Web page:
0
$\begingroup$

If $A$ is a Banach algebra then let $\Omega (A)$ denote the character space of $A$. Apparently there exist abelian Banach algebras such that $\Omega (A) = \varnothing$. Also apparently, if $A$ is a (commutative) $C^\ast$ algebra then $\Omega (A) \neq \varnothing$. I am trying to prove this but got stuck.

Let $A \neq 0$ be a commutative $C^\ast$ algebra. Then there exists $a \in A$ with $\|a\|\neq 0$. By the Hahn Banach theorem there exists a continuous linear functional $\tau : A \to \mathbb C$ such that $|\tau (a)|=\|a\|$ and $\|\tau\|\le 1$. That's how it's stated on Wikipedia but of course $|\tau (a)|=\|a\|$ and $\|\tau\|\le 1$ implies $\|\tau\|=1$. Hence $\Omega(A) \neq \varnothing$.

To me this seems to be a correct proof. But in Murphy's book there is something quite different. Could someone help me and enlighten me about what is wrong with my proof above? I am including the text given in the book:

enter image description here

$\endgroup$
1
$\begingroup$

Note that your Hahn-Banach functional $\tau$ will in general not be multiplicative, hence not a character.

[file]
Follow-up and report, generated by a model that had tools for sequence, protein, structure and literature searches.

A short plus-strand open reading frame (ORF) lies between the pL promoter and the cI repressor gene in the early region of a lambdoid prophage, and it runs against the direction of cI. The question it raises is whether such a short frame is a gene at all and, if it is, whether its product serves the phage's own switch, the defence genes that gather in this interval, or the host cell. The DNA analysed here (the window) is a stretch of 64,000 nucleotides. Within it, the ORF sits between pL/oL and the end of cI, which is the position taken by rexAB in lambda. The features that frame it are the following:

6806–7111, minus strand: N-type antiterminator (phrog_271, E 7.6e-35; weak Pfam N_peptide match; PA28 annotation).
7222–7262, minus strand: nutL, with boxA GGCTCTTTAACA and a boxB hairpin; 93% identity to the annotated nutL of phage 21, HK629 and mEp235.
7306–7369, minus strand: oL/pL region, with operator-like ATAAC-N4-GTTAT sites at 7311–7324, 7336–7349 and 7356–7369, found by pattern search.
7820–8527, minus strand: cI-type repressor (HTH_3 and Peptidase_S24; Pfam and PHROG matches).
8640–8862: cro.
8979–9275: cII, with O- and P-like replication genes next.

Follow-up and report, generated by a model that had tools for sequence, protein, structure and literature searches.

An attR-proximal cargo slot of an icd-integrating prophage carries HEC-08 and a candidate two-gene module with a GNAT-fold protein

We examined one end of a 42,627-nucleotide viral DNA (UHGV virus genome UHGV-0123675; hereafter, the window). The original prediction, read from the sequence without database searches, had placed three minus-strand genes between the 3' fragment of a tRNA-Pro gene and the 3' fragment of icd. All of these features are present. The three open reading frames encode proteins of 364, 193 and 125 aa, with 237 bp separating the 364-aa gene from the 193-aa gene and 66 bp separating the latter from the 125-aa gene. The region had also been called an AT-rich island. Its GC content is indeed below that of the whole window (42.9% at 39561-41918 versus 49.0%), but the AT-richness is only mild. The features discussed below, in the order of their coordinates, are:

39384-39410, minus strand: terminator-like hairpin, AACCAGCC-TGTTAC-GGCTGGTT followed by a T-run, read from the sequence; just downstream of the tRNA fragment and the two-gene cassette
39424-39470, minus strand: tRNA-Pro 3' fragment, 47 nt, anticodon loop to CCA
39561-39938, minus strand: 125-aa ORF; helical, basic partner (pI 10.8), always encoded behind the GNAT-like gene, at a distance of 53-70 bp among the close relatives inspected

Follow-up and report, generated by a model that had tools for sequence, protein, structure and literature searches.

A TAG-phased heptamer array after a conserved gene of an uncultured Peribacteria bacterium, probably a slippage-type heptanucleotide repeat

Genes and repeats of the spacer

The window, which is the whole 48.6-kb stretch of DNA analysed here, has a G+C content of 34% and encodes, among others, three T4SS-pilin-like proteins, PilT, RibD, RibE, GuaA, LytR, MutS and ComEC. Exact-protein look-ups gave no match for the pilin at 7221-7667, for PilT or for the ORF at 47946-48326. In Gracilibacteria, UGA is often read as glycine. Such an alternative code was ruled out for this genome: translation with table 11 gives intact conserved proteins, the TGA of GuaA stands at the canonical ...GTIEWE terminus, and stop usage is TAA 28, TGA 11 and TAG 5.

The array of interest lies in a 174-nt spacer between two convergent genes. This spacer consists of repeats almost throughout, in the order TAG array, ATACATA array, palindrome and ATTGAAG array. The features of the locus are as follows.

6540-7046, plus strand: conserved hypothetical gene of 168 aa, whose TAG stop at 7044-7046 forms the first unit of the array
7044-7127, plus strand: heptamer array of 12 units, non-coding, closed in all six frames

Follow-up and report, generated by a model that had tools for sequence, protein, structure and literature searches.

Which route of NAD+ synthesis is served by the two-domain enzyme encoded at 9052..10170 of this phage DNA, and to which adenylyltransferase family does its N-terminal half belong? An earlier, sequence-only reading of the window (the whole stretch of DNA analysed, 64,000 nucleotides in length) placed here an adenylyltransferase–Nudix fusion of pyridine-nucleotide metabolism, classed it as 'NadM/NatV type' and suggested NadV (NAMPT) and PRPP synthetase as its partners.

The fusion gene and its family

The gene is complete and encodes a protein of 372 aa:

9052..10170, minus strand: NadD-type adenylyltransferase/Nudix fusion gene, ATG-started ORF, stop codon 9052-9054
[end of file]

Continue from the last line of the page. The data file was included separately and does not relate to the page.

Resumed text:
$\endgroup$
  • $\begingroup$ Thank you. If it does not follow from Hahn-Banach then why does $r(a) = \|a\|$ imply the existence of a character? $\endgroup$ – Student Jul 3 '14 at 11:53
  • $\begingroup$ Note that for any complex Banach algebra and any $x \in A$ we have $\sigma(x) = \{\gamma(x) \mid \gamma \in \Omega(A)\}$, now use that your $a$ has real spectrum (as it is hermitian) and hence $r(x) = \max\sigma(x)$ or $r(x) = -\min\sigma(x)$. $\endgroup$ – martini Jul 3 '14 at 12:05
  • $\begingroup$ To see the statement about the spectrum, let $\lambda \in \sigma(x)$. Then $x-\lambda$ is not invertible in $\hat A$, hence there is an maximal ideal $I$ of $\hat A$ containing $x-\lambda$. Now restrict the morphism $\hat A \to \hat A/I \cong \mathbb C$ to $A$. $\endgroup$ – martini Jul 3 '14 at 12:19
  • $\begingroup$ Ok. I'm not sure I understand, can you tell me if this is the argument you have in mind: If $r(a) = \max \sigma (a) > 0$ then $\{\gamma (x) \mid \gamma \in \Omega (A)\}\neq \varnothing$ and therefore $\Omega (A) \neq \varnothing$? $\endgroup$ – Student Jul 4 '14 at 9:33
  • $\begingroup$ Exactly.${}{}{}$ $\endgroup$ – martini Jul 4 '14 at 10:23

Your Answer

By clicking “Post Your Answer”, you agree to our terms of service, privacy policy and cookie policy

Not the answer you're looking for? Browse other questions tagged or ask your own question.